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Psycho II (1983) review

The sight of Norman Bates re-entering his house was so shocking that the cameraman keeled over and had a minor heart murmur


Director: Richard Franklin

Starring: Anthony Perkins, Meg Tilly, Vera Miles

“I don’t kill people anymore.” (Norman Bates, Psycho II)

NOTE: Spoilers for the original Psycho ahead – don’t read this if you don’t know (or don’t want to know) who the killer is in the original film.

When it comes to sequels created long after their predecessors, it’d take some doing to beat Psycho II. Released a massive 23 years after the original Psycho, the only thing even more amazing than this hefty gap is that despite the number of years that have passed the sequel still sees the return of Anthony Perkins in the lead role of Norman Bates.

Having spent more than two decades in a psychiatric hospital after the incidents of the first film, Norman is released on good behaviour and free to go back home. It doesn’t say much for the American justice system that he’s allowed to return to the house and motel where he committed two murders and start living there again, but there you have it.

Viewers felt the new series of I’m A Celebrity had perhaps gone too far

In an attempt to integrate him back into society and get him living a normal life again, Norman’s doctor gets him a job at a local diner. There he meets Mary (Meg ‘Jennifer’s Sister’ Tilly), a 20-something girl who’s having boyfriend troubles. Norman offers her a free room at his motel and they become friends. The end.

Except it isn’t the end, because that would be the most boring film since Romeo & Juliet II: They’re Still Dead. You see, Norman may have been released on good behaviour, but that doesn’t mean he isn’t still nuttier than squirrel shit. And this is a squirrel who eats Snickers bars between his predominantly nut-based meals.

Norman once again starts imagining his mother is alive in the house. ‘Mother’ doesn’t approve of her son hanging around with a young woman and seemingly wants Norman to kill Mary. But is he really going mad again, or is someone messing around in the background in an attempt to make Norman lose his mind once more?

“What’s that?” “I Can’t Believe It’s Not Murder. Um, I mean butter. Shit.”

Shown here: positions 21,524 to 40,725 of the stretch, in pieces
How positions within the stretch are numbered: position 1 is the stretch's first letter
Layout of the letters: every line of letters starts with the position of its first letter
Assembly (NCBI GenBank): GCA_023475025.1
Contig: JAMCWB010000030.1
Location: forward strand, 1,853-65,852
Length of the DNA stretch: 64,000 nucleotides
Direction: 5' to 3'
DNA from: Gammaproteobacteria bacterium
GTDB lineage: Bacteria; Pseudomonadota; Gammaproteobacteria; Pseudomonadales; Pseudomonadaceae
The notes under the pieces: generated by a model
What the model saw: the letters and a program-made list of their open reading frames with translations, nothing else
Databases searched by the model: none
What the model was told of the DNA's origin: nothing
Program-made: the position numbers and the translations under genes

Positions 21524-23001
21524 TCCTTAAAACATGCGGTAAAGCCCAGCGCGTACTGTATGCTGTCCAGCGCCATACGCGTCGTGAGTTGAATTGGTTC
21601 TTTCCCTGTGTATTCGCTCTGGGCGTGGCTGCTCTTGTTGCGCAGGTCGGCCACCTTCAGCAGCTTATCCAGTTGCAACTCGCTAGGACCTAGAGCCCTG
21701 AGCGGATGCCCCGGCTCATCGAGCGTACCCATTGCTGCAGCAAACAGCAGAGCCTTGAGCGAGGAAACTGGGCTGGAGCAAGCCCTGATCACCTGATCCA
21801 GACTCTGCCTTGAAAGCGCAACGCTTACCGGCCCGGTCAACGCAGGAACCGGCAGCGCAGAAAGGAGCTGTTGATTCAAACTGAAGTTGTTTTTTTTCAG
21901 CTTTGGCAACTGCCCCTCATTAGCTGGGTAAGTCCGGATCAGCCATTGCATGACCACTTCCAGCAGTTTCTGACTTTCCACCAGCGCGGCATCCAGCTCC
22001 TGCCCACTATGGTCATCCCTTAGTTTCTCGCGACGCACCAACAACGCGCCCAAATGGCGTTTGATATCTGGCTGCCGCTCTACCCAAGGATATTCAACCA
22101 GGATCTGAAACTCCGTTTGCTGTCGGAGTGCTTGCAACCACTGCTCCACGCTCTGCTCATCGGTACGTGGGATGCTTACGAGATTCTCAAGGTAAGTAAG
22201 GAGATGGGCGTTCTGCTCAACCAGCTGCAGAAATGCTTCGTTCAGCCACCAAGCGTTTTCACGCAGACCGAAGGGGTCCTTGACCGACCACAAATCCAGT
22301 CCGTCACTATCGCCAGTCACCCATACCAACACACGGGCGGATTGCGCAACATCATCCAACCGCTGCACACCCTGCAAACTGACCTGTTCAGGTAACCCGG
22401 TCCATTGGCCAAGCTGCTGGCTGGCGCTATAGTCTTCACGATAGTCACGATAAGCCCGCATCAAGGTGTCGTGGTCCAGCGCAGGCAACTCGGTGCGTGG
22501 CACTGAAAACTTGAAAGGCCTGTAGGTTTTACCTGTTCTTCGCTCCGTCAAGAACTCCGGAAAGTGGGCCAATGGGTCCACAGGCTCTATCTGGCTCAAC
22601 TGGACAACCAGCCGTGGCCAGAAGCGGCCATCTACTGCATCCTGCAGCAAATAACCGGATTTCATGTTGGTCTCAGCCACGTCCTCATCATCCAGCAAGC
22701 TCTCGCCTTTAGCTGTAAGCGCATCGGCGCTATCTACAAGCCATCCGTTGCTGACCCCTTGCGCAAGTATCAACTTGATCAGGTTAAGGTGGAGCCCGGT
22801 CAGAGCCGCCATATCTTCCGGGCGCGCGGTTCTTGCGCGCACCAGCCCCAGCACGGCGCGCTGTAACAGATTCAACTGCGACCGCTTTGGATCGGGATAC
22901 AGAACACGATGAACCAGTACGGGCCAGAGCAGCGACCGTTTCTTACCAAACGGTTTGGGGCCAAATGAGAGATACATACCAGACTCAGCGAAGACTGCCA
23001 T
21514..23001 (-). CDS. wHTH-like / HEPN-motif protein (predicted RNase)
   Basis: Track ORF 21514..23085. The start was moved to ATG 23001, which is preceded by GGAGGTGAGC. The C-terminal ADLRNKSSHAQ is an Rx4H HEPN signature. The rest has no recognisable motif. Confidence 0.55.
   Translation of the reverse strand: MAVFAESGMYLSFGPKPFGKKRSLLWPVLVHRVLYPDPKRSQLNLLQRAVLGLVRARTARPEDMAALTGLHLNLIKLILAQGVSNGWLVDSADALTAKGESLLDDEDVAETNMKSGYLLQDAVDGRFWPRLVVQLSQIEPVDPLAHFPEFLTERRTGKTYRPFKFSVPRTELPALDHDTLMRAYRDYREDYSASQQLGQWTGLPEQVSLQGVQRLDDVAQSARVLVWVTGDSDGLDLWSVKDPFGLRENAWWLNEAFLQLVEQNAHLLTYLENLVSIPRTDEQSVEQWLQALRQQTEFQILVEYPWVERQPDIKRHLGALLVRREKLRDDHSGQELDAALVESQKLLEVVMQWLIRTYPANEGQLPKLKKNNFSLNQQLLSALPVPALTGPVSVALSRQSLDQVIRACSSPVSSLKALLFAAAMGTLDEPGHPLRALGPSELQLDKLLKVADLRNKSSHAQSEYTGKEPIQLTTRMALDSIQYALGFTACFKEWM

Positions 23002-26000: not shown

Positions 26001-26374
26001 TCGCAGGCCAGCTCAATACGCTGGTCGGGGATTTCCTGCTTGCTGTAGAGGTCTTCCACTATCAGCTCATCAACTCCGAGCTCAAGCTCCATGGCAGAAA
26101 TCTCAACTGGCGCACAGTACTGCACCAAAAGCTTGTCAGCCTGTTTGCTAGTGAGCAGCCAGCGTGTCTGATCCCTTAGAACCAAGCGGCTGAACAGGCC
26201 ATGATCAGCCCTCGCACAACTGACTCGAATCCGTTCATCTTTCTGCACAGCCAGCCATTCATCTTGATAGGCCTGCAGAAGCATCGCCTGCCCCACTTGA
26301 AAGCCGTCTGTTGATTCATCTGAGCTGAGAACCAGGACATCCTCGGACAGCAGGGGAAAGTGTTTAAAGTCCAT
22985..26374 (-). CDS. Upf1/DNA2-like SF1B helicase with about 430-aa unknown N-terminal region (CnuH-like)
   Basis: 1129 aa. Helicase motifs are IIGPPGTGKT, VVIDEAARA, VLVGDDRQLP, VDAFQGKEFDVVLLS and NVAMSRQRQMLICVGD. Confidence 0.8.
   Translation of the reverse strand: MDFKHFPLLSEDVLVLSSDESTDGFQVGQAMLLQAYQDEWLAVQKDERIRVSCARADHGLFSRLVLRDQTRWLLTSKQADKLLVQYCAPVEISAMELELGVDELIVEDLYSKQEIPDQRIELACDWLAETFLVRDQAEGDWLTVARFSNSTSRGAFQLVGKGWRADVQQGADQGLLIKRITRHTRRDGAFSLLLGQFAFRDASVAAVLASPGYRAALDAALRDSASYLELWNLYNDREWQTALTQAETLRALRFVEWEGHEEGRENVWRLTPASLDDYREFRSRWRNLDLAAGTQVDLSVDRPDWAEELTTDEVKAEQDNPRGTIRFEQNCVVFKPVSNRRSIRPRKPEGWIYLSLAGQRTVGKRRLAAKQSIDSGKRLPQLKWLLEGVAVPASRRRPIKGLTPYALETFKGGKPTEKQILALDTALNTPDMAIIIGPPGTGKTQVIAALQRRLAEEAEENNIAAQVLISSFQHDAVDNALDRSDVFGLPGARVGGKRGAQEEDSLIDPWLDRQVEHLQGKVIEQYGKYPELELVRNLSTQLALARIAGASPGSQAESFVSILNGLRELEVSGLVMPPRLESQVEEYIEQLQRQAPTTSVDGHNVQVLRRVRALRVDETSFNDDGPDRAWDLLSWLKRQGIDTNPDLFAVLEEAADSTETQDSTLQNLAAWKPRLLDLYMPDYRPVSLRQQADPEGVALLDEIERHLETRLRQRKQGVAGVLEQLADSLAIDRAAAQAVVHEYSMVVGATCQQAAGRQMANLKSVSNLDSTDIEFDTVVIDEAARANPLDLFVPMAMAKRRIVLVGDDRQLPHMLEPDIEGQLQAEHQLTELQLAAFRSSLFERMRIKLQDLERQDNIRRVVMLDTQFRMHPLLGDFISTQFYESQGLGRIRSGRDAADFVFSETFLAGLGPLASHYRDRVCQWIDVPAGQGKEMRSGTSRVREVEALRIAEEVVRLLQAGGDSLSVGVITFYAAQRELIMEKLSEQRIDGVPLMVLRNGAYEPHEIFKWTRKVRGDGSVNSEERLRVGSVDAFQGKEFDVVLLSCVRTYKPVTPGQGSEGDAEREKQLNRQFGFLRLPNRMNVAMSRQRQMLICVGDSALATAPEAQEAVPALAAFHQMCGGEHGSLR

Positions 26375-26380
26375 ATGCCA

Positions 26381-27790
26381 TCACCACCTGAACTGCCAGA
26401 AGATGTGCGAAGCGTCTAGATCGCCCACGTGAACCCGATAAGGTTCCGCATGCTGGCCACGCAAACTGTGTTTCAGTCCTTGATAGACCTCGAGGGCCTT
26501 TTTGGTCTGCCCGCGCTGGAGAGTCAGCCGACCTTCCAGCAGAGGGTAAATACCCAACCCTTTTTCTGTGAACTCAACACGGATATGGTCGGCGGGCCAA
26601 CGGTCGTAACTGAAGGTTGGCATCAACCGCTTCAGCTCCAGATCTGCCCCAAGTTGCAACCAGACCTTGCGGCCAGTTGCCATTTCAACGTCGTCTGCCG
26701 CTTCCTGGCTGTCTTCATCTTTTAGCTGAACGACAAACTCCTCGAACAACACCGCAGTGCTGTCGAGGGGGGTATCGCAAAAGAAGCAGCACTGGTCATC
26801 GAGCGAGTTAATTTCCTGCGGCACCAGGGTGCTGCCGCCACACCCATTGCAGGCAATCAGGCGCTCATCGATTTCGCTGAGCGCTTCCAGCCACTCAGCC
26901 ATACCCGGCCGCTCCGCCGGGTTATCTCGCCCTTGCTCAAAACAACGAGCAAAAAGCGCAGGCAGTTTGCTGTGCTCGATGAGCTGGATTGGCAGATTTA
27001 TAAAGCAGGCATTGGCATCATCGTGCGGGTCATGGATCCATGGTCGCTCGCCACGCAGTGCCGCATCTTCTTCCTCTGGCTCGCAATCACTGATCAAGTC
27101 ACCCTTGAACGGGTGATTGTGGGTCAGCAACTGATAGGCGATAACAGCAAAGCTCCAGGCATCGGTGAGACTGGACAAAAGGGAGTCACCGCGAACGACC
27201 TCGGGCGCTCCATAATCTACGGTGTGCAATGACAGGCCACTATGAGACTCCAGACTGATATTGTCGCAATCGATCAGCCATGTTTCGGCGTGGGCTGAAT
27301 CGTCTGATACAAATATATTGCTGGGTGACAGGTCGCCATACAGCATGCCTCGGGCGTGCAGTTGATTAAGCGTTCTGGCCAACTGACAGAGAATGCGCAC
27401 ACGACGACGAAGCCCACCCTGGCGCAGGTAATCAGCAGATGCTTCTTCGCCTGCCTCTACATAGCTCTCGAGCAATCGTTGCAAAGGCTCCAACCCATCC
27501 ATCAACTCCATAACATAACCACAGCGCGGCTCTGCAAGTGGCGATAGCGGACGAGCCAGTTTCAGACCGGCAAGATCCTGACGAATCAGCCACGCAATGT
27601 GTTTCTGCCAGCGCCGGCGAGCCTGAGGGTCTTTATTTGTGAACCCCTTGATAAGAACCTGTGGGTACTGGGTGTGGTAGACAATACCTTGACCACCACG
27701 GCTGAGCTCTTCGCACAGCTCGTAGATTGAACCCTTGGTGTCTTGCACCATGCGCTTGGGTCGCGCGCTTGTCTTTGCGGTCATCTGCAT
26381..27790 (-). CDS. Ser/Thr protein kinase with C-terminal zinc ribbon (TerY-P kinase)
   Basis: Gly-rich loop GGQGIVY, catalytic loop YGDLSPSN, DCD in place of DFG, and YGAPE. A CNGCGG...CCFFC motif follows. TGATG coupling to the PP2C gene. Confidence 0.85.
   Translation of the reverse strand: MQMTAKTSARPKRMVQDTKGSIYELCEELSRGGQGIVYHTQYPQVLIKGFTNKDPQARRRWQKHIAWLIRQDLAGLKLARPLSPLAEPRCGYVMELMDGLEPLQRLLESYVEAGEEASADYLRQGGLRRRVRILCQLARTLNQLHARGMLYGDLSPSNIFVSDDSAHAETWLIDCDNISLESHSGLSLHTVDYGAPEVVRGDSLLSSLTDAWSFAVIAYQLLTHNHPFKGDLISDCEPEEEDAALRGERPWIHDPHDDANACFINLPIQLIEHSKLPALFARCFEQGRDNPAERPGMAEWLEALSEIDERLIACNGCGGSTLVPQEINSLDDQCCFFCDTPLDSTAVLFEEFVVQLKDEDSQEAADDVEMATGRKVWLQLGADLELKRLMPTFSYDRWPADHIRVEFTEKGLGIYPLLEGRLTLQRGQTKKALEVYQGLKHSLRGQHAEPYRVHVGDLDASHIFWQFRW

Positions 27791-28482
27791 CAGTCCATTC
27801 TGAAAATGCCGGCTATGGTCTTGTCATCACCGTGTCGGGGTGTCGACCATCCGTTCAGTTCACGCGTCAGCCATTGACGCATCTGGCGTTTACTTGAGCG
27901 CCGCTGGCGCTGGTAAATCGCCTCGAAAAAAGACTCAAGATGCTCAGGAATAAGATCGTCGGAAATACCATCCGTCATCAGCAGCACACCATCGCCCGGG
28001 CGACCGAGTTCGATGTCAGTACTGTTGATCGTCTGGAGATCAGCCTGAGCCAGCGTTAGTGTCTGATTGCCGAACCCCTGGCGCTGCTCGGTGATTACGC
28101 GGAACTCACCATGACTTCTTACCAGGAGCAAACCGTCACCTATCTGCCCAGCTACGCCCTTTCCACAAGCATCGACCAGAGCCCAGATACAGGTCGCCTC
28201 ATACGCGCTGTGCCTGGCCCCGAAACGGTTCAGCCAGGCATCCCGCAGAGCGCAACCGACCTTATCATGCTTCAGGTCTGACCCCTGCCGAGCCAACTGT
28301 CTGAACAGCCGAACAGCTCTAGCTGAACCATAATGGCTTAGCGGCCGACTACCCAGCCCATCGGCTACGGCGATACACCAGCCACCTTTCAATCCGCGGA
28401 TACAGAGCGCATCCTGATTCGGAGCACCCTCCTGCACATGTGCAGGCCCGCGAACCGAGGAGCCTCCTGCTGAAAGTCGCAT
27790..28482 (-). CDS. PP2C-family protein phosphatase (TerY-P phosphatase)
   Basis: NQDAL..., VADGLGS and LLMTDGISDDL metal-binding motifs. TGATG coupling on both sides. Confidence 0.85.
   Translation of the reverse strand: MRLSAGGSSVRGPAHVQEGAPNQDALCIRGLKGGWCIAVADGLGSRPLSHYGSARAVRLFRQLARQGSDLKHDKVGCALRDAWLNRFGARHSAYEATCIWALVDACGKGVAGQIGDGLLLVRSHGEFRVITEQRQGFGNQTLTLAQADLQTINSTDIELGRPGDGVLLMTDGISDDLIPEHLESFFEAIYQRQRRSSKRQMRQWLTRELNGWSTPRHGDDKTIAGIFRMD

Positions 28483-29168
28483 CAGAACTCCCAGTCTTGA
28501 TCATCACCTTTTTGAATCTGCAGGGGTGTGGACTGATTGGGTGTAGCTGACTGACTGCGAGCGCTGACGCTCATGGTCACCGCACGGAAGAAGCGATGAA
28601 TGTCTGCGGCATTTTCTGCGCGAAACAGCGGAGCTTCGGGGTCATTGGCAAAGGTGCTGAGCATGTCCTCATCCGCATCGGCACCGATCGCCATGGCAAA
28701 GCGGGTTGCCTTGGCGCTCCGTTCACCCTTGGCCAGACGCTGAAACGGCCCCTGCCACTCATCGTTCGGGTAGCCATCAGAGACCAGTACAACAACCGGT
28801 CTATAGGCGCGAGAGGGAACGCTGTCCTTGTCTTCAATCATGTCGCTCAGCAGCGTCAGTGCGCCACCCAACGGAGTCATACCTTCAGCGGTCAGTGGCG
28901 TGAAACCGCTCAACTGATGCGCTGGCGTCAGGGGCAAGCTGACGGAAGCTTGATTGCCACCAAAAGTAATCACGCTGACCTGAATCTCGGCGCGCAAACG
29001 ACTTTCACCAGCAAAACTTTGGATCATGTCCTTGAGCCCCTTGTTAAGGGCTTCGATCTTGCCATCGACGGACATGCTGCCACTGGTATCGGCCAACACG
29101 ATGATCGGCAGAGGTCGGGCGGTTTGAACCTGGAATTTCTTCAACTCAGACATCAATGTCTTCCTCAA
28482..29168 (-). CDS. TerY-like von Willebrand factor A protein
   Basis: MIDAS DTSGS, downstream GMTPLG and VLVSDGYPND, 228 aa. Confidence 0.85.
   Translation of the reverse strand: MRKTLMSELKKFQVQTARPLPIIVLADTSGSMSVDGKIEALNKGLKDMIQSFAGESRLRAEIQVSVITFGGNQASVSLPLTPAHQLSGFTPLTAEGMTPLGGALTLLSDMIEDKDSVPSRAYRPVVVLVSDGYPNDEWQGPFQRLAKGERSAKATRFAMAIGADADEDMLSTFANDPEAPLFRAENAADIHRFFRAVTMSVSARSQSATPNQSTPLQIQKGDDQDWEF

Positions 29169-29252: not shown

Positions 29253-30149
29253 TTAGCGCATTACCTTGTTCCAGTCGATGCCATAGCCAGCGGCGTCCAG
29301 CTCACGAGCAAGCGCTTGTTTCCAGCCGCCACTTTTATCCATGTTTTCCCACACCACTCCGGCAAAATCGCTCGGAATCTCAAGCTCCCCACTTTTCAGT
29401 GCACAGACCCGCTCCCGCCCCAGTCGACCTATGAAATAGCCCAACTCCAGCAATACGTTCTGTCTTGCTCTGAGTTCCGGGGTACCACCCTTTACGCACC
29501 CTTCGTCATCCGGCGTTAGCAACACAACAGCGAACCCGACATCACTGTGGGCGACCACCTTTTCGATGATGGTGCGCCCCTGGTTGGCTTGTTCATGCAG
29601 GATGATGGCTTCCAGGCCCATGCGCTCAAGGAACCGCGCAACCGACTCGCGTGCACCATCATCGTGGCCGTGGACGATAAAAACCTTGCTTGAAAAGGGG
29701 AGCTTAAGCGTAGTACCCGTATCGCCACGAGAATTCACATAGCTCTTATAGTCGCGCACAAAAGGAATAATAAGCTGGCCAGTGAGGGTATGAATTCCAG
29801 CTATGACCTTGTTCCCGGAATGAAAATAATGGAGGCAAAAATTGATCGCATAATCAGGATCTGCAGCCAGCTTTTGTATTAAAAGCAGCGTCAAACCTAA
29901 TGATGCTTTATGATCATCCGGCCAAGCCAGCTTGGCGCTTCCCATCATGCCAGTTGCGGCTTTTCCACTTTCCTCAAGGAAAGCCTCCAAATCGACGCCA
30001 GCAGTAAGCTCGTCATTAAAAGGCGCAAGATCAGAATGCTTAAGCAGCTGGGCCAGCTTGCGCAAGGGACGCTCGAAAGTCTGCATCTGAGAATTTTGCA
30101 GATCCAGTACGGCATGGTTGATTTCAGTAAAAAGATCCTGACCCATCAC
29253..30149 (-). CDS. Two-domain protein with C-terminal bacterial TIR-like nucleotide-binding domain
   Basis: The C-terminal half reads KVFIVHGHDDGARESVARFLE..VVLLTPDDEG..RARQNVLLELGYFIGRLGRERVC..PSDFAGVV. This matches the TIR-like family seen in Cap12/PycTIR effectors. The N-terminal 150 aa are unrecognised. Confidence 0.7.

It should come as no surprise to anyone who’s seen the original film that Anthony Perkins is once again the best thing about Psycho II. Although Hitchcock’s sensational directorial style is sorely missed – making the film feel more like a standard ’80s horror flick rather than something truly special – Perkins is still a treat to watch.

He’s so difficult to read and yet so clearly disturbed that it’s nearly impossible to tell if he truly is capable of killing again, or whether he’s just a tormented soul trying to make amends but still plagued by the events of 1960.

Psycho II emulates its predecessor in one respect, in that it introduces a fairly big twist long before the film’s over. Whereas the first film killed off its supposed lead actress Janet Leigh 45 minutes in, shocking audiences worldwide, the second sheds a disturbing light on Mary and reveals that there’s more to her (and her own mother) than meets the eye.

You see (spoilers for the rest of this paragraph!), it turns out Mary’s mother is the sister of Janet Leigh’s character (played by Vera Miles, who also returns from the 1960 original), and she’s the one pretending to be Norman’s mum to try to make him go nuts. Mary’s in on it too, but after befriending Norman she begins to feel sorry for him and becomes convinced he’s innocent. Thus begins a battle between Mary and her mum, as the former tries to stop the latter from turning Norman cuckoo again.

“Oh, come on: extra tomato, extra lettuce and extra pickle? Might as well order another burger, you lazy prick”

Some may say this twist comes too early, but it does throw an interesting spanner into the works as otherwise the easy conclusion to come to would be that Norman has indeed lost it. This way a very real element of doubt is introduced.

Psycho II may not have been anywhere near as successful as its iconic predecessor, but that doesn’t mean it’s a dodgy sequel that should be ignored. It’s an interesting ’80s take on a ’60s classic, and one that’s worth seeing if you’re even a little curious to know what happened to Norman Bates after the first film.

The daft ending aside (where Norman’s family tree is unnecessarily shaken, the events of the first film are trivialised a tad and it all gets a bit silly), it’s also a unique chance to see how an actor who isn’t Sylvester Stallone can evolve a much-loved character more than two decades after his last appearance.

At the time of writing, the only way to get an in-print version Psycho II in the UK  is by buying the Psycho Collection DVD box set, which contains all four Psycho movies.

In America, there are a few options. There’s a Collector’s Edition Blu-ray version, a standard DVD version and a DVD box set featuring Psycho II, III and IV.

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